International Quilt Festival Quilt Scene Magazine – Elephant Cat Toy Pattern!

My family is definitely made up of cat lovers with seven cats between three households. I like to make handmade gifts, so last year I decided to make some little catnip toys as stocking stuffers for the holidays. I made a few different designs, a fish, a mouse, a turtle, and an elephant. After much convincing, I got Zoe to briefly pose with one. The cats really do love playing with these, but they are not as fond of a chunky DSLR aimed in their direction!

Elephant Cat Toy

The little elephants turned out so cute that I decided to submit the pattern to the annual International Quilt Festival Quilt Scene magazine and…it was accepted! The magazine was recently released and is available for purchase on Interweave. The pattern can be found on Page 70.

Elephant Cat Toy

These little elephants are really easy to make and are a perfect gift for anyone with a cat. They only require basic sewing skills, so it’s an easy project even if you’re new to sewing. They’re a great way to use up scraps, and only require minimal materials.

Elephant Cat Toy

The magazine has lots of other cute projects including a Hexagon mini-quilt by Malka Dubrawsky, a knitting needle case by Rosemarie Deboer, a quilted table topper by Erin Daniels, and lots more. This is the first pattern that I’ve had published, and I’m looking forward to developing and submitting more ideas in the future!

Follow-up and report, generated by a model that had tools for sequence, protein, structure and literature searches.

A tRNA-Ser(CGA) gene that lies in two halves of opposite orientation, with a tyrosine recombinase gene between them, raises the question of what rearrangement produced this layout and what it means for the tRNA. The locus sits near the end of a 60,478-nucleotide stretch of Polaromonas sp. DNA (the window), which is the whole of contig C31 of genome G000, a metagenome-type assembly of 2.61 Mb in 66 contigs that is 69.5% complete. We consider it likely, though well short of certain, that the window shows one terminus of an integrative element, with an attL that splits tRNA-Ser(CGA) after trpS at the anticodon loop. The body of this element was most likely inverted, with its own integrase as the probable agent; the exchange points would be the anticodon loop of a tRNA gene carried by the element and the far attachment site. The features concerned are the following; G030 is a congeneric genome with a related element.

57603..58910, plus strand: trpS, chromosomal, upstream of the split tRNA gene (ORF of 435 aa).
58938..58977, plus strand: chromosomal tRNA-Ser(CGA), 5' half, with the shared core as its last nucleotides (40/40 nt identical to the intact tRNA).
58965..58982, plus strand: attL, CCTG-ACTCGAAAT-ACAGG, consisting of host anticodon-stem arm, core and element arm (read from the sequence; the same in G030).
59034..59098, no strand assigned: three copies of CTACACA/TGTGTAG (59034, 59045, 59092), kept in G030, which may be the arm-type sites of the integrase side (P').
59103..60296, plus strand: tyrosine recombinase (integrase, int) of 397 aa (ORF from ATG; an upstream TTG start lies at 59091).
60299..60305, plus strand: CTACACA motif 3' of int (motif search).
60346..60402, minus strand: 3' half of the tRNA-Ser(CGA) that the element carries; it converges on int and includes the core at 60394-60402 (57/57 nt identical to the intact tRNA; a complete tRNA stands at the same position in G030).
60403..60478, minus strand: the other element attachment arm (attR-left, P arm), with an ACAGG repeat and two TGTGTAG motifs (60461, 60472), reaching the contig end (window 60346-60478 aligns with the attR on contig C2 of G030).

And, on another note, I’ll be taking part in the Virtual Vegan Potluck again which is coming up on November 16th. The deadline to sign up as a participant is tomorrow, November 9th. It’s always a lot of fun to see what everyone posts, and it brings the vegan blogging community together. If you want to join in, sign up now!

Making My Own Fabric! Hand Dyeing and Wax Patterning

I finished another round of hand dyeing earlier this week, and I’m excited to share the results with you! This time around I tried out over-dyeing, mixing dye colors, bleach discharge, and using wax resist to create patterns. It was really a lot of fun! This process has gotten a lot of ideas churning, and I can’t wait to try out different methods for patterning with wax! In this round I tried a few different methods of applying the wax to the fabric – clay stamps, wood stamps, painting, and found objects.

I mentioned in the last post that I learned how to do these techniques through Craftsy classes. There were two classes that I took called Fabric Patterning with Wax Resist taught by Malka Dubrawsky and The Art of Cloth Dyeing taught by Jane Dunnewold. If you’re interested in learning how to do this yourself, you should definitely check out both courses!


I carved my own wooden stamp, which resulted in the pattern you see in the photo above. It led to a minor injury by carving my finger as well, which thankfully healed up quick! This was dyed in a teal dye bath – a mix of blue, turquoise, and yellow dye. The smudgey part in the upper left corner was a failed attempt at using a book end as a stamp. The result wasn’t very interesting, so I patterned the rest with the wood stamp.